Exhibit-08 investigates the congruence between the Pension Fund Composite and all three risk-tier benchmarks, picks the one which generates the highest correlation. The benchmark so selected serves as independent variable (x-axis) in the scatter plot. The line of best fit is shown in red. The underlying regression equation is shown to the right of the graph, supplemented by the accrued performance differential between the PF Composite and the selected benchmark index for all the history included. In the equation, the intercept value of the graph ‚alpha’ has been annualised. Based on that equation, the table shows scenarios of predicted annual returns for pension funds, given assumed returns of the most highly correlated benchmark index.
Exhibit-09 plots fixed-length (120 months) trails of r-squared values between the PF Composite and each risk-tier. A reading of 100% would indicate perfect correlation and thus a completely lethargic investment approach. Readers should bear in mind that each point on any line of that graph reflects 10 years of history to that point in time.
The table in Exhibit-10 makes an analysis of risk efficiency by comparing annualised returns with risk. Pension funds require absolute returns more than all else. While the absolute level of risk and the risk-adjusted return are indeed important, they are arguably not as important as a test of consistency across risk tiers. Higher risk may well be tolerated, even at lower risk efficiency, for as long as it produces a higher absolute return than a lower risk strategy and/or a more risk efficient strategy. In this table all relatives have been calculated using the lowest risk tier as reference.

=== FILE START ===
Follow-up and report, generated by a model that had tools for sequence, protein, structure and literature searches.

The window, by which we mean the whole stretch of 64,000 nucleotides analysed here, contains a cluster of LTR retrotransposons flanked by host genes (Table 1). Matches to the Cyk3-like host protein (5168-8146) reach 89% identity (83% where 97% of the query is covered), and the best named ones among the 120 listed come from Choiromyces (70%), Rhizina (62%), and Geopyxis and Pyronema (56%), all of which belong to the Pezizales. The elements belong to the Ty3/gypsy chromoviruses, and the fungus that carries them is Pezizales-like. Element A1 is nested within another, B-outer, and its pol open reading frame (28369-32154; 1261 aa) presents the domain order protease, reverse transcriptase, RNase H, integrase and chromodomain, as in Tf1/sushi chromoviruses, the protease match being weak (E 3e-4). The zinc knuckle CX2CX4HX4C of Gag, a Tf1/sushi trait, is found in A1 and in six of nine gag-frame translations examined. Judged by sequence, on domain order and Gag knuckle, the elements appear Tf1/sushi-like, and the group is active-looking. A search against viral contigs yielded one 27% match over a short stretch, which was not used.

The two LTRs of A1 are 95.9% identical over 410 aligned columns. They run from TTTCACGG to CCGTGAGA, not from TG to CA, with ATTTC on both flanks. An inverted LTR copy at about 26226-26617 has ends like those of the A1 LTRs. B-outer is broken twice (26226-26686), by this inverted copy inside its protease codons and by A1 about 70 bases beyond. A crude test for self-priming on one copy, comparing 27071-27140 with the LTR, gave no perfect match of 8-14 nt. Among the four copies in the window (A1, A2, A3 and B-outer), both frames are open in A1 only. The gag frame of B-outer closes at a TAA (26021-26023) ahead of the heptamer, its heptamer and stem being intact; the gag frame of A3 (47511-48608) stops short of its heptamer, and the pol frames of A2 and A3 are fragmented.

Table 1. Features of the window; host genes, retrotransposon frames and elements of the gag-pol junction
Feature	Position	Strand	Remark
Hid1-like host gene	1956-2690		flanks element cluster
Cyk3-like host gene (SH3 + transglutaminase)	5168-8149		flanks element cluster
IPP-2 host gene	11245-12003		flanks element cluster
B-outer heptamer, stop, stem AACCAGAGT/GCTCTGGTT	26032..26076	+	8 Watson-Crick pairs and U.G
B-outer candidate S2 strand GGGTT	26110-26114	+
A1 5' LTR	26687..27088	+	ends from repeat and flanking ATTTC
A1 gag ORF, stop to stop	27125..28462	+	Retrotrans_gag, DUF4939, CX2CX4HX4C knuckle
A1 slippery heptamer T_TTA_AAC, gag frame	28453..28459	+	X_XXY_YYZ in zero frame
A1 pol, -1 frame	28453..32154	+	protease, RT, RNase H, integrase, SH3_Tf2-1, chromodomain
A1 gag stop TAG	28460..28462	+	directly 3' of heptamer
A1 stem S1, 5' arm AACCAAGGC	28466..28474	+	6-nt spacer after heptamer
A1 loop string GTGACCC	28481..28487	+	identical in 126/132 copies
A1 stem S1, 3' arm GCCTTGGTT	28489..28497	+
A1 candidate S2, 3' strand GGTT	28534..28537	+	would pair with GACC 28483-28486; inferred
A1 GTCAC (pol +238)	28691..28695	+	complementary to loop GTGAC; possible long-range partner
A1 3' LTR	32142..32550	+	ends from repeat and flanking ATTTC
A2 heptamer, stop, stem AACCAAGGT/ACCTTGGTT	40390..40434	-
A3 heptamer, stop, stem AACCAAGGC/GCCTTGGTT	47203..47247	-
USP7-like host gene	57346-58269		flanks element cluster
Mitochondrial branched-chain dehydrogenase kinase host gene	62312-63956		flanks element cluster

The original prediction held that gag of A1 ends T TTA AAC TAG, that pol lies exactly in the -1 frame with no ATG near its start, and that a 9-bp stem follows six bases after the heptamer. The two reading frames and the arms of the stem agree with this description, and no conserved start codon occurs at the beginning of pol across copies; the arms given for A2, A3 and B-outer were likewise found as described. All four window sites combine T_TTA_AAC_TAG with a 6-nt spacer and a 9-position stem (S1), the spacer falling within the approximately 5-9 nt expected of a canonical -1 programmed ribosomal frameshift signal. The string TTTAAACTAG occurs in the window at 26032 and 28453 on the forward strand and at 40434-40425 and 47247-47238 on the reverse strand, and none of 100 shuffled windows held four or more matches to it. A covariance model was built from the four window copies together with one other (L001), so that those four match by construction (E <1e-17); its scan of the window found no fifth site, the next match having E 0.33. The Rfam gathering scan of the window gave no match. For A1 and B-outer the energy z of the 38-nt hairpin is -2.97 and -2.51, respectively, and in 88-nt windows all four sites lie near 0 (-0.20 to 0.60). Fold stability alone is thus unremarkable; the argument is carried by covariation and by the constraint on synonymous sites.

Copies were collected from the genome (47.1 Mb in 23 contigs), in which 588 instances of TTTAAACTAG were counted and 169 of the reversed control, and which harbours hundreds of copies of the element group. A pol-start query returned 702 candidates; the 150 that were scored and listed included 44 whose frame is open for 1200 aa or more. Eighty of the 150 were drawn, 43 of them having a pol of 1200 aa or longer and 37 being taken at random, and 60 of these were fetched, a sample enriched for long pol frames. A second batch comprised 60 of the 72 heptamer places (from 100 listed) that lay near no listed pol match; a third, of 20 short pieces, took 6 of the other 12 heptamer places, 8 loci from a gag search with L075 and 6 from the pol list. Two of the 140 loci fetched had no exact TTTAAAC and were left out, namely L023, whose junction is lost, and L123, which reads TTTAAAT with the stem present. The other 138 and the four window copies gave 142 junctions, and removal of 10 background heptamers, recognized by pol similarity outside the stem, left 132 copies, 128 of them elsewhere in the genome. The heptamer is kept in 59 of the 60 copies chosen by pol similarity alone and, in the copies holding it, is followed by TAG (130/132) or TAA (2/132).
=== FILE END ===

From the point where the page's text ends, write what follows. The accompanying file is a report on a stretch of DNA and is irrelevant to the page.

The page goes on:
Exhibit-11 illustrates the extent of loss (drawdown) from the emerging all time highs. That erosion is put into perspective by including the mean drawdown value of each risk-tier as a constant ( = floor).
The final three exhibits focus on displaying normalised values for risk and return:
Exhibit-12 shows both values calculated across the entire time since inception as a scatter, with return on th vertical axis and risk on the horizontal axis. Exhibits-13 shows only normalised return over 36 months trailing, while Exhibit-14 does the same for normalised risk.